• Normal: A normal good is a good with incremental increases or decreases in utility as quantity changes, demonstrating a predictable and simple linear relationship as income increases or decreases. demonstrates a graphical representation of the effects of income changes upon preference map.
    • Inferior: Inferior goods, or goods that are less preferable, will demonstrate inverse relationships with income compared to normal goods. That is to say that an increase in income will not necessarily result in an increase in quantity for the inferior good, as the consumer derives minimal utility in purchasing the inferior good compared to other goods. Inferior goods are often sacrificed as income rises and consumers gain more choice/options. This can be represented in.
    • Complementary: Complementary goods are goods that are interdependent in consumption, or essentially goods that require simultaneous consumption by the consumer. An example of this would be like purchasing an automobile and car insurance, the consumption of one requires the consumption of the other. As income increases, these will increase relative to one another (as a ratio). demonstrates this concept in graphical form.
    • Substitutes: Perfect substitutes are essentially interchangeable goods, where the consumption of one compared to another has no meaningful impact on the consumer’s utility derived. Substitutes are goods that a consumer cannot differentiate between in terms of the need being filled and the satisfaction obtained. Income increases will thus affect the consumption of these goods interchangeably, resulting in increase in the quantity of either or both.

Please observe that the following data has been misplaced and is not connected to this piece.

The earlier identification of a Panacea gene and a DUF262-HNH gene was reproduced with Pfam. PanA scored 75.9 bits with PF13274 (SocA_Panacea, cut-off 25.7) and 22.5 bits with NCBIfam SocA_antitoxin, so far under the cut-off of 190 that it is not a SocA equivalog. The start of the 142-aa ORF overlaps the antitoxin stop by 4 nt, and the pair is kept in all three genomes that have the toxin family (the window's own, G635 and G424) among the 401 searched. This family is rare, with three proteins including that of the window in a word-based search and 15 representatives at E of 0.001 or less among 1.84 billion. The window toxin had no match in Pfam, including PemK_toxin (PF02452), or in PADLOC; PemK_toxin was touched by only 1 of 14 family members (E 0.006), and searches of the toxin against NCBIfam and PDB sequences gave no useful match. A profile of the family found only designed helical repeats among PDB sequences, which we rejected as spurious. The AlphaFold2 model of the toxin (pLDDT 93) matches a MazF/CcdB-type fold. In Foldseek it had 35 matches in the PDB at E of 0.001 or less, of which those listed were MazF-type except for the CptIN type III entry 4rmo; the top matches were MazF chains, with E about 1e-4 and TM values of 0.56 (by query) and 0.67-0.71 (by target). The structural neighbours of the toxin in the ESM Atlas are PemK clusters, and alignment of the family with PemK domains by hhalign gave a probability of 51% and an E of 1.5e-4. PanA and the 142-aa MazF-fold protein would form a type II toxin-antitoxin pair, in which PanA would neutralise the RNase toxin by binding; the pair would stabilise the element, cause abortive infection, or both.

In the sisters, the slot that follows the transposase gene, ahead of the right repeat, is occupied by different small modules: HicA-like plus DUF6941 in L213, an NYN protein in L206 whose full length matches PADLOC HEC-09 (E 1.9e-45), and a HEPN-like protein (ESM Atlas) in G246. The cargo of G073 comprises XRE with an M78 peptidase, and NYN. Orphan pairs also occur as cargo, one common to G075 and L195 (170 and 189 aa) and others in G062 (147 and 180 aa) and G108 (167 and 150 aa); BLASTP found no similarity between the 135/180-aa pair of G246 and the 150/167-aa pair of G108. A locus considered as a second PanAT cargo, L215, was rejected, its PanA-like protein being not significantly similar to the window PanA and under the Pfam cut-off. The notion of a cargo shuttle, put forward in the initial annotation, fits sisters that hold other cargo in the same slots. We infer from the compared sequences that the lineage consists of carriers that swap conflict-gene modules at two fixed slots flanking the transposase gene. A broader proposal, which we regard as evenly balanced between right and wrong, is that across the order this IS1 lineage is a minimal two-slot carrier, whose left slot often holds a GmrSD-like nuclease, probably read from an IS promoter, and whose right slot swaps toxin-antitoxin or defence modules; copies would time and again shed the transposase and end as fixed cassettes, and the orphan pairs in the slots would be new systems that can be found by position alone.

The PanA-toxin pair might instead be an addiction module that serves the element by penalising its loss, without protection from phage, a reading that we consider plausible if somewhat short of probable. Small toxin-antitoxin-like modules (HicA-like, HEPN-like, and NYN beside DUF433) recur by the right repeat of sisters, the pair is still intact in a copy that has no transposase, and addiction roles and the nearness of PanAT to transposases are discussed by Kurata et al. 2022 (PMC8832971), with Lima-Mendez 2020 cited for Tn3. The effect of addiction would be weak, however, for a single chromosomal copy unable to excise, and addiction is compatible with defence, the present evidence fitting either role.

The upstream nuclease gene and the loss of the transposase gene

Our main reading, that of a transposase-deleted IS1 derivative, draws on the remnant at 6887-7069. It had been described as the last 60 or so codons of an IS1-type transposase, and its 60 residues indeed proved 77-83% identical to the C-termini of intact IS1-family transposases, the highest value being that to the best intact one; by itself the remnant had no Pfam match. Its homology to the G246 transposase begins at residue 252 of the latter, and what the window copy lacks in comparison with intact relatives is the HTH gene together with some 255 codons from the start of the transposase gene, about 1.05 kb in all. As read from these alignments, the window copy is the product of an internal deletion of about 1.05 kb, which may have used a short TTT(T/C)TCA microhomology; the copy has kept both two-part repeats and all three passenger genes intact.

In merging Consumer Theory and consumer choices with income level, the primary takeaway is that an increase in income will increase the prospective utility that consumer can acquire in the market. Understanding how this applies in a general fashion, alongside the specific circumstances dictating specific types of goods, it becomes fairly straight-forward to predict consumer purchasing behaviors at differing income levels.

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    Income Levels and Inferior Goods: This graph demonstrates the inverse relationship between income and the consumption of inferior goods. As income rises, the quantity consumed of ‘X1’ decreases. This illustrates increased variance in consumer choice as income rises.

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    Income Effect on Complementary Goods: In this graphical depiction of income increases, the consumption of these two goods are complementary and thus interdependent.

     

    Impact of Price on Consumer Choices

    The demand curve shows how consumer choices respond to changes in price.

    Learning objectives

    Construct the demand curve using changes in consumption due to price changes

    In almost all cases, consumer choices are driven by prices. As price goes up, the quantity that consumers demand goes down. This correlation between the price of goods and the willingness to make purchases is represented clearly by the generation of a demand curve (with price as the y-axis and quantity as the x-axis). The construction of demand, which shows exactly how much of a good consumers will purchase at a given price, is defining of consumer choice theory.